By Calvin Lane

Does our governance support our mission?

Are we, as individuals and as a church, clear about what our mission is?

Are we — bishops, diocesan staff leaders, rectors and parish clergy, chaplains, vestries, building managers, the members of General Convention commissions, Sunday School teachers, food pantry volunteers, board members for Episcopal Relief & Development, et cetera — clear about our mission?

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The fully catholic and fully evangelical mission of the church of Jesus Christ is to proclaim God’s story of redemption and renewal in Jesus Christ, bring people to a saving faith in him, and then engage in the hard, yet grace-sustained work of forming disciples.  This is our mission: bring people to a lively faith in Jesus. In other words, if we get Matthew 28 front and center, everything else falls into its proper place: our liturgical and sacramental life, our concern for social justice and the poor, and even the way we organize our lives canonically.

But are we clear about our mission?  And then, is everything we do as a church (see the list of people above) working toward that singular, organizing mission?

Karl Barth, reflecting on this organizing priority, wrote “This group is sent out: Go and preach the Gospel!  It does not say, Go and celebrate services or Go and edify yourselves with the sermon or Go and celebrate the Sacraments or Go and present yourselves in the Liturgy, which perhaps repeats the heavenly liturgy. Of course, there is nothing to forbid all this; there may exist very good cause to do it all; but nothing, nothing at all for its own sake.  In it all the one thing must prevail: Proclaim the gospel to every Creature!”  And likewise, Hans Urs von Balthasar argued that if we are not first rooted in Christ, then we surely will not recognize his face in the poor we hope to serve.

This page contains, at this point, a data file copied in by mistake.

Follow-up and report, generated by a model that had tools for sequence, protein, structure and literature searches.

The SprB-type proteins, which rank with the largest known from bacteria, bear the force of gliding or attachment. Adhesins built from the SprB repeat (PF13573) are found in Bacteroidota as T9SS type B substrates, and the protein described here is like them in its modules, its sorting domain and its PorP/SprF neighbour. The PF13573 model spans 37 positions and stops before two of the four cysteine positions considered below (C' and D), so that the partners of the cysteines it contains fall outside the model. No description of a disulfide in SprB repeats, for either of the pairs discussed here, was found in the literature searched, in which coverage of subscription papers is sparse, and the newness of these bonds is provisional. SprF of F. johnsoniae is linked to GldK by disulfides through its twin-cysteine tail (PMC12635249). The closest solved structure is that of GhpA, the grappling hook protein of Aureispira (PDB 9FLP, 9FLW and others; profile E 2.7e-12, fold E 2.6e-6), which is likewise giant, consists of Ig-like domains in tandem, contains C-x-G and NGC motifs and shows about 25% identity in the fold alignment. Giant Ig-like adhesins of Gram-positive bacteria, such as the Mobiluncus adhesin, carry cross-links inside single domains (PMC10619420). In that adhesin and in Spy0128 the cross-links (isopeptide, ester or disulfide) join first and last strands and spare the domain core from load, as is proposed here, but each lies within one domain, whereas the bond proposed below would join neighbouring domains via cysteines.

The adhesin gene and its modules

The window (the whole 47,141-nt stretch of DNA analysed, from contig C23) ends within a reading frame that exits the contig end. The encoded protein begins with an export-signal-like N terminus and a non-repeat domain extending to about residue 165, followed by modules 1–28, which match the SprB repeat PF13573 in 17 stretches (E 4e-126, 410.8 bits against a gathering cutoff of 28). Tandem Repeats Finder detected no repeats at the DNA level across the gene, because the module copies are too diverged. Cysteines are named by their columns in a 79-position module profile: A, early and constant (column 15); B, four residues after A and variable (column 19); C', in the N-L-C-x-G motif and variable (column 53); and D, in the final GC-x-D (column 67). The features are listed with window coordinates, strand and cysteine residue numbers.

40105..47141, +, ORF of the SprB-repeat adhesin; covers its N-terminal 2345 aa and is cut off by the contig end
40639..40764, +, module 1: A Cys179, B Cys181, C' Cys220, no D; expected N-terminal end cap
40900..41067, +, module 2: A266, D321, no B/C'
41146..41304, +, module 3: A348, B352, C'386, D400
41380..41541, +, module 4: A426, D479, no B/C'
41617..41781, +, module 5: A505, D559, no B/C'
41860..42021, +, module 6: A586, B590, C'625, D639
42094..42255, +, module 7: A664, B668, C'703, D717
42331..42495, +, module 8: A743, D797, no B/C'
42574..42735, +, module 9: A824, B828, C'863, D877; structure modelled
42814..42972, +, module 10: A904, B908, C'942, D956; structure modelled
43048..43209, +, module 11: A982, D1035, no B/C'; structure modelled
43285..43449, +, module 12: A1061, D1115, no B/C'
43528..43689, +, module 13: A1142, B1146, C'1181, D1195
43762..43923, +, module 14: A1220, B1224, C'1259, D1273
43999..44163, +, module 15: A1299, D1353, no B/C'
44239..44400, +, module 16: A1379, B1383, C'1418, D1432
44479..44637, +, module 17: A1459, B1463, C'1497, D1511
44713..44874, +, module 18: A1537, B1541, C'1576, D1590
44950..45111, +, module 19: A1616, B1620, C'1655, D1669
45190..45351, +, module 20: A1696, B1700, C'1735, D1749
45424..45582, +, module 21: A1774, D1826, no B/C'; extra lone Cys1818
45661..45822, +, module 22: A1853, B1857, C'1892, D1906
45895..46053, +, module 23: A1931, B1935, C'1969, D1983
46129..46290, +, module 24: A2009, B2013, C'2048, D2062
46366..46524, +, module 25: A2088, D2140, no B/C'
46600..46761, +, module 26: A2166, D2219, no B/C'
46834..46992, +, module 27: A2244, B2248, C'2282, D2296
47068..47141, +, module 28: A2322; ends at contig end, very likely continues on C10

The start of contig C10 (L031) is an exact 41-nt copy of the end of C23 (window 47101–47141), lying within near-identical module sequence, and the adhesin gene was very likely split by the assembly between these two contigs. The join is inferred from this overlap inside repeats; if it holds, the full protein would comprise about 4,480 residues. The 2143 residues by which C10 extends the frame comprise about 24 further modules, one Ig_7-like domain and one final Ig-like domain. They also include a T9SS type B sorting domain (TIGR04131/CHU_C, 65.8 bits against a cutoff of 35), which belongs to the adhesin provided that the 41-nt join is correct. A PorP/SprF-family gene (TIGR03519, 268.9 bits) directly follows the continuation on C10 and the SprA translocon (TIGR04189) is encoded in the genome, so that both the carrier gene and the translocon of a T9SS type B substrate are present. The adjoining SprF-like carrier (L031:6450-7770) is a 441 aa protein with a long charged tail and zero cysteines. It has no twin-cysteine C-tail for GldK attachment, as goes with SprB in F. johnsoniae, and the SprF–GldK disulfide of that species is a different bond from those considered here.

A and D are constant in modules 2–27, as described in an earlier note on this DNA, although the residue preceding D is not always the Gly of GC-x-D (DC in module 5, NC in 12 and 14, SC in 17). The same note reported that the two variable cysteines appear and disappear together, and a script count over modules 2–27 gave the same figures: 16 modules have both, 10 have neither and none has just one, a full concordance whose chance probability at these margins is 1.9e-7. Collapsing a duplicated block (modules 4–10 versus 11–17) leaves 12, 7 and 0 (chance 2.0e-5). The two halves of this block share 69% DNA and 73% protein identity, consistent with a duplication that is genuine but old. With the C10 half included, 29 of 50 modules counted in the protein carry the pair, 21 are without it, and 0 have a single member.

Let’s go one step further (and this will be important in just a minute).  The place where this primary and organizing mission happens is in local communities — congregations, parishes, missions, whatever you call them.

In a period of undeniable decline among American churches — in the Episcopal Church this can only be described as precipitous decline — everyone in every form of ministry needs to answer directly and unambiguously how their work supports bringing people to Jesus Christ. Cue “the Bobs” from the 1999 cult classic movie Office Space: “What would you say you do here?

I fear that, in most of the Episcopal Church, our governance structures do not support our mission, and often (unintentionally) work against our mission. It brings me no joy to say this.

This happens, I believe, for two general reasons: we either assume we have to do what we do, even though whatever “it” is may have little to do with the mission, or (more troubling) we misunderstand what the mission of the church is.

Here are some concrete ways of checking our mission priority:

  • If clergy are drawn away from parish work for convention, clergy conferences, board meetings, is it unambiguously clear to everyone that the work being done will help said parish clergy go back to their congregation a stronger missionary, and in identifiably practical ways? Programming itself is not the problem. It is the nature and amount of our programs.